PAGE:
Anti Fraud. What is the source of the billion dollar cost of fraud?

What is the source of the billion dollar cost of fraud?

What is causing the billion-dollar cost of fraud? Despite the Fraud Prevention Initiatives like the Affordable Care Act, the federal government admits that a staggering $60 billion is stolen from taxpayers through Medicare scams every year. Some experts believe the number is more than twice that.

Fraudulent pharmacies, clinics and medical supply companies seem to pop up like dandelions. Former car mechanics, bus boys and clerks can be involved in individual scams, taking tens of millions of dollars every year from the government program meant to provide healthcare to the nation’s elderly. The victims of the schemes? American taxpayers.

It’s simple because Medicare is based on trust. When the program was introduced in the 1960s, there was an assumption that no one would try to defraud a system created to take care of the elderly. The government was required to reimburse vendors in less than 30 days. In 99.9 percent of the cases, Medicare “auto-adjudicates” claims within 30 days. In other words, the computer decides if the right codes are in the right boxes. If they are, the checks are automatically sent.

“That means that if you check the right boxes and fill out the right forms, you’re going to get paid,” said Kirk Ogrosky, who until recently was the federal prosecutor in charge of all criminal Medicare fraud at the Department of Justice.

Unlike credit card companies that stop payments as soon as a second suspicious charge is made, Medicare is slow to respond even when people call to tell them about fraud. Judge Marshall Ader, who sat on the Florida state bench for decades, said he even had trouble getting Medicare to pay attention. When he saw that Medicare was being billed for two prosthetic legs using his Medicare number, he was enraged.

“I saw that there was a report for some prosthesis that I, of course, didn’t use and had never used,” said Ader, who has no need for prosthesis. “The bill was something like $30,000. I called Medicare, the investigative fraud unit …Nobody seemed to care,” he said. It took over a year to sort out the situation.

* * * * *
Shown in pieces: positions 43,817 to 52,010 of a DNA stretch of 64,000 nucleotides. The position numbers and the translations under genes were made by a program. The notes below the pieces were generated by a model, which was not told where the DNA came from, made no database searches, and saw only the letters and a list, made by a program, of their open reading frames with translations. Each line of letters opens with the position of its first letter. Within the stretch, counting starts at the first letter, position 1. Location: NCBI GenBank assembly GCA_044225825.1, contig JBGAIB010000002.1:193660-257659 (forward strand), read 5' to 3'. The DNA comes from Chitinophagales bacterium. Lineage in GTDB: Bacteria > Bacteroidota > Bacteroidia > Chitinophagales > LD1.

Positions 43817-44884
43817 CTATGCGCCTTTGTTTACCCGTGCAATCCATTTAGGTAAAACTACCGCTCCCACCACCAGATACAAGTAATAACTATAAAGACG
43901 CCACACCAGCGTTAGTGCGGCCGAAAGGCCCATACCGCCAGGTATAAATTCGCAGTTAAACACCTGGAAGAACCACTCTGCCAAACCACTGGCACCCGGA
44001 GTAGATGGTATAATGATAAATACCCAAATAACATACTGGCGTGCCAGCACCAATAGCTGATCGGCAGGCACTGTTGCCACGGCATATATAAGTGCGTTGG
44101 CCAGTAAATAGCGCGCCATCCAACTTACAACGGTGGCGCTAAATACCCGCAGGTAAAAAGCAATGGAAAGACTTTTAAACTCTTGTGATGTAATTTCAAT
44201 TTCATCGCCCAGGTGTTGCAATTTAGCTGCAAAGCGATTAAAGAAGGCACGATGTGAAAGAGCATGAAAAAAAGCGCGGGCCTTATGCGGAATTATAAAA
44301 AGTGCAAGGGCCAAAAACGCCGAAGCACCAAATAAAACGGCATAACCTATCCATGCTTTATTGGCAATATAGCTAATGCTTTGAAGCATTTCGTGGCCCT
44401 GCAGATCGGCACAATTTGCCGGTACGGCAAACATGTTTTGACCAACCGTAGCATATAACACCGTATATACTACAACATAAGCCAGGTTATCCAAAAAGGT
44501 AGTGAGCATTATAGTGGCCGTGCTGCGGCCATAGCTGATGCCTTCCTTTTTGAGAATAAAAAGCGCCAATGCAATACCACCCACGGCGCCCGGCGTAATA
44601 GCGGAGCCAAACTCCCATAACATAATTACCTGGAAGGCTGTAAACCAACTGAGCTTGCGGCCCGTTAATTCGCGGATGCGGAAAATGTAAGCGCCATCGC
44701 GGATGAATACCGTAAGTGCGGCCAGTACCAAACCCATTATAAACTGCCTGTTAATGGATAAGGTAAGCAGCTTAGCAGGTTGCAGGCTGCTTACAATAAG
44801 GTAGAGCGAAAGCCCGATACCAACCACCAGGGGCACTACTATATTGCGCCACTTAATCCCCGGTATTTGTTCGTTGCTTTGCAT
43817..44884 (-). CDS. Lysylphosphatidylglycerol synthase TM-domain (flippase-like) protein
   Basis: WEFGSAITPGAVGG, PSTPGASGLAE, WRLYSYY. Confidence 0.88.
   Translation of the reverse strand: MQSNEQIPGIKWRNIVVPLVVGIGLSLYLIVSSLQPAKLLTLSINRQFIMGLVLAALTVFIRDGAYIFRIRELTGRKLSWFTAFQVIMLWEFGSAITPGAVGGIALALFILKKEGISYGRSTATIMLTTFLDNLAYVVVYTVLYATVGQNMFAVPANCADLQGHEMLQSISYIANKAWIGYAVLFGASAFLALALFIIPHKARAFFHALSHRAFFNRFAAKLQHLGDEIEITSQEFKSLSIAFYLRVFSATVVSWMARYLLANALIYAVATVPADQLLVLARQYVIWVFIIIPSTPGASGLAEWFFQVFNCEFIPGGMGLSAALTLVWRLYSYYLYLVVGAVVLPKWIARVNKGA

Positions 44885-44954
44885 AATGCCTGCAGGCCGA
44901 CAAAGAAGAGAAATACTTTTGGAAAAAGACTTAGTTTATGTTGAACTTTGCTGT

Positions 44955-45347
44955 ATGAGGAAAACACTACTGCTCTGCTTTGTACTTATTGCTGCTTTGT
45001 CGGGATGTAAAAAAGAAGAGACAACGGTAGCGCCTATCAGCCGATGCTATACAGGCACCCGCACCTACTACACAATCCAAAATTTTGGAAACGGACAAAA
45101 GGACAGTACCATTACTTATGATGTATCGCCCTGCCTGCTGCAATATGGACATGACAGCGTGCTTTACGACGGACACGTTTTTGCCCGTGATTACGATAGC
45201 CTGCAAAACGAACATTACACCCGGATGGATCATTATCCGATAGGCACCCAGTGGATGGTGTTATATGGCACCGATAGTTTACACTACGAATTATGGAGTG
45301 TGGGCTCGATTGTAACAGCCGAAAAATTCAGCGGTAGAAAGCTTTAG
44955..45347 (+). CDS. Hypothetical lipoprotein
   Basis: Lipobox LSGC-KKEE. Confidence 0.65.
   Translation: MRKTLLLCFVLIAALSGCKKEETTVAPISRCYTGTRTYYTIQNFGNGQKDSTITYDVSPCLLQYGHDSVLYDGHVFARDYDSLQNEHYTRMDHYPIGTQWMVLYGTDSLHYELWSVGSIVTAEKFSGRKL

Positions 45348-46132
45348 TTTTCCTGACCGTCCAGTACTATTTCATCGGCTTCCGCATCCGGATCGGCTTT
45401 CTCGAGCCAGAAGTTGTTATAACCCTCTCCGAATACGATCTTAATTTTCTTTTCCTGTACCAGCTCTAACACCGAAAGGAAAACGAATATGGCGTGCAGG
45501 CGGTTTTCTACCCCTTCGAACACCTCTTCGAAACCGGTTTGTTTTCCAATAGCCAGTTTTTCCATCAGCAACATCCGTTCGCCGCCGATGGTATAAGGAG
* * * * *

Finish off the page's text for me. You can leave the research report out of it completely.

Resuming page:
Plenty of criminals, however, are arrested by the FBI and the Office of Inspector General. U.S. Attorney Jeffrey Sloman spearheads prosecutions in South Florida which has become a focal point of Medicare scams. He believes there are cases pending that are worth “over a billion dollars… probably…two billion.”

Despite the fact that the South Florida strike force prosecuted approximately 170 cases last year, all their hard work hardly makes a dent.

There is overwhelming evidence of healthcare fraud and abuse, yet again and again, Medicare pays. Meanwhile, the vicious cycle continues: law enforcement continues to try to chase down fraudulent activity and the system continues to pump out the checks to the perpetrators. Evidently, a lot of time and effort is still necessary to bridge the disconnect between the knowledge that the fraud and abuse is prevalent, that initiatives and legislation are in existence to stop the abuse and the actual cessation and permanent prevention of fraud. In the meantime, providers themselves need to become more attentive and vigilant as they strive to maintain healthcare compliance possibly by implementing their own healthcare financial management and anti-fraud initiatives.

An excellent illustration of the billion dollar cost of fraud is the following link to a CBS new story: